If More Kiddie Authors Had Written Books For Adults

Categories: Literary
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The Wind in the Willows by Kenneth Grahame

The original 1908 version, the one about a Mole and a Water Rat and their friends, including a boisterous, lawbreaking Toad, naturally had to leave out a few details, owing to the certain laws in effect in Britain at the time, most notably those prohibiting sodomy.
But now those have been repealed, so there's nothing to be afraid of! This is The Wind in the Willows with its freak flag flying, the way it was meant to be told! It's still set in the early 1900s, but Mole doesn't really live in a Mole Hole. He's been living a stifling, solitary existence in the closet. One day something in him snaps, and he runs off to the River Bank where, in short order, he cruises and sleeps with the dapper Water Rat. What first appeared to be blind lust rapidly reveals itself as true love, and Mole and Rat become devoted partners and the center of a circle of friends that include the Badger, who retreated from society at the time of the passage of the Sodomy Laws, and Toad, whose flamboyant lifestyle eventually lands him in jail, much like Oscar Wilde.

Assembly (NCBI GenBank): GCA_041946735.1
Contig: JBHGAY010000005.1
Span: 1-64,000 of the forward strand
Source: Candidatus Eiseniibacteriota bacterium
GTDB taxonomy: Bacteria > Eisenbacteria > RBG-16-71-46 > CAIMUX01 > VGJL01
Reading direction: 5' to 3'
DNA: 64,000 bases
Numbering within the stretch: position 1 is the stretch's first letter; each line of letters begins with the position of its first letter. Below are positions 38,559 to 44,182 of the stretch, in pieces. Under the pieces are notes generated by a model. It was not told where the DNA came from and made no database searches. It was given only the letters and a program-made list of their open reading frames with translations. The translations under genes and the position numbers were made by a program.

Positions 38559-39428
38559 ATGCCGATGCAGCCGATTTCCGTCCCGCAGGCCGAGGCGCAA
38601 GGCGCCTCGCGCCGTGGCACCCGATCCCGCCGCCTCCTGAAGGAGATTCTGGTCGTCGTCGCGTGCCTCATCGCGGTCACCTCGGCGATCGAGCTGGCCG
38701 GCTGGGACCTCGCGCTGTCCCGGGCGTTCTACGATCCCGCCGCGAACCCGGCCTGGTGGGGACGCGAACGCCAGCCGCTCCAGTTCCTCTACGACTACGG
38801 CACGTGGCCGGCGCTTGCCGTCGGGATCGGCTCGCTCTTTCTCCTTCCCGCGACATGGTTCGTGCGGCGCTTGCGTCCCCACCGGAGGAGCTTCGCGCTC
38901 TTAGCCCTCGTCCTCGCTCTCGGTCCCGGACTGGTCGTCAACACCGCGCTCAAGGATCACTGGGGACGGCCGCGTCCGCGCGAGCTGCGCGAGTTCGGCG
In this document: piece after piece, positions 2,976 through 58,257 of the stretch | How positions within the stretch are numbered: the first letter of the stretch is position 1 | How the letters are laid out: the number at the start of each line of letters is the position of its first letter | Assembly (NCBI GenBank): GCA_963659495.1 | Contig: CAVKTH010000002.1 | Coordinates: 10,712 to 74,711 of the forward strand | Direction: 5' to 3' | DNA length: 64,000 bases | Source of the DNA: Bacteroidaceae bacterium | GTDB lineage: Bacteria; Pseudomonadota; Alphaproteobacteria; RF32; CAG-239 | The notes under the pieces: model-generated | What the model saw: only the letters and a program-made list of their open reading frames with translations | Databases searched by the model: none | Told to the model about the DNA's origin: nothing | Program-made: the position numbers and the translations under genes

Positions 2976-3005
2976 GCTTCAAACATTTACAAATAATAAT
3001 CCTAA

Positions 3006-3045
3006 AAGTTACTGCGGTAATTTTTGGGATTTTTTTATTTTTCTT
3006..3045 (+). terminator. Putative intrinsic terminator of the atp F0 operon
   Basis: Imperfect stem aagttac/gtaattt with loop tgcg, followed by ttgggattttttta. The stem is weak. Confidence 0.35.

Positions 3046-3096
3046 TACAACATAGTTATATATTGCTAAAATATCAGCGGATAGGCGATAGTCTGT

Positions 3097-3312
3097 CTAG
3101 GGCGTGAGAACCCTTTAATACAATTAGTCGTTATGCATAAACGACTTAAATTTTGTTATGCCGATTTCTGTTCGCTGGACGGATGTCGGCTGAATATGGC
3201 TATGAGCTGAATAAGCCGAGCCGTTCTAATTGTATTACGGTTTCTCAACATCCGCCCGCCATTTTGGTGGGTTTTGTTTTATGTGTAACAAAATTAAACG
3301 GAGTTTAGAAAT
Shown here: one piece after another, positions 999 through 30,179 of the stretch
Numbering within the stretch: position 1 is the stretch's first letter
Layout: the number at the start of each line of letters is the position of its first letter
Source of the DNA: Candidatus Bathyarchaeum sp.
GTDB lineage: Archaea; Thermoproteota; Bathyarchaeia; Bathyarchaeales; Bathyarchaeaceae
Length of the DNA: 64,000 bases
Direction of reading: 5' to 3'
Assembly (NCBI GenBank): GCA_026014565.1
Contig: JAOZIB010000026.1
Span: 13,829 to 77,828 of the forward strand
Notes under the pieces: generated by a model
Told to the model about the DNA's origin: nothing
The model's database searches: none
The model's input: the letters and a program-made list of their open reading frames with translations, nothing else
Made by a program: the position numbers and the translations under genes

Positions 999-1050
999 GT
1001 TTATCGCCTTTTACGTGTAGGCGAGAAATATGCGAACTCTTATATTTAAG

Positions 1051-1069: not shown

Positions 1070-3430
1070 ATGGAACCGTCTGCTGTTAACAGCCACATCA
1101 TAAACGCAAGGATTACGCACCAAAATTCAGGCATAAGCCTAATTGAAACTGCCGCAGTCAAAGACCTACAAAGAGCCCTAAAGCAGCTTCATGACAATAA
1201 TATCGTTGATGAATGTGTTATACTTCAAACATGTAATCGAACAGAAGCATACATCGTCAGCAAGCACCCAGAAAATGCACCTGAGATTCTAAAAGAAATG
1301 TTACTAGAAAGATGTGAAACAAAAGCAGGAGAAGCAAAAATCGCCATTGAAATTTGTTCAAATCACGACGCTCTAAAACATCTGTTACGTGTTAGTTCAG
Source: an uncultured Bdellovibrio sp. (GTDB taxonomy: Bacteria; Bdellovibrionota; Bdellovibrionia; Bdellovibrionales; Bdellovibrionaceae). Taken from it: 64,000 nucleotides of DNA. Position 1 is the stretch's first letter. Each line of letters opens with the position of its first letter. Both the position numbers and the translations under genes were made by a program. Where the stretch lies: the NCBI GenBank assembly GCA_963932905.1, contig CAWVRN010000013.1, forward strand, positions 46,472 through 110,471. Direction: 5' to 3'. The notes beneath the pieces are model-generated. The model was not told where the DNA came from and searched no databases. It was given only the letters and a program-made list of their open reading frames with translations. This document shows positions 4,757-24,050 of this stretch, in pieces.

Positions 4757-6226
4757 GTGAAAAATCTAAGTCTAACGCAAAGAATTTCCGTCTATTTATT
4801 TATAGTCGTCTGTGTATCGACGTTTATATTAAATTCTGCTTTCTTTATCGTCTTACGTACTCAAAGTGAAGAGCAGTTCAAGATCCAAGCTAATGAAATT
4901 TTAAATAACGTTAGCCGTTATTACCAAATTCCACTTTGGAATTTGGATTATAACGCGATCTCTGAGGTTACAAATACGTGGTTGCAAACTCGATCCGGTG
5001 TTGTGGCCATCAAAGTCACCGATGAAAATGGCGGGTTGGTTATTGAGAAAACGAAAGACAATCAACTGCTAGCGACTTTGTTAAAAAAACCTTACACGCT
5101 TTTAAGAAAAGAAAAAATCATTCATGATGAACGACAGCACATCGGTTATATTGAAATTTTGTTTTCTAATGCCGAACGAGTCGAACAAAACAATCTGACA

There are many other adventures, most notably a late-night drug trip (really, what else could the Piper at the Gates of Dawn chapter possibly be about?), but this should have been the pioneering novel about gay life: about love across species and how friends become family and (more misogynistically) how men can build an idyllic community completely without women.


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SeedyWard
SeedyWard

Who can forget the National Lampoon's primer, "Dick in Jane?"

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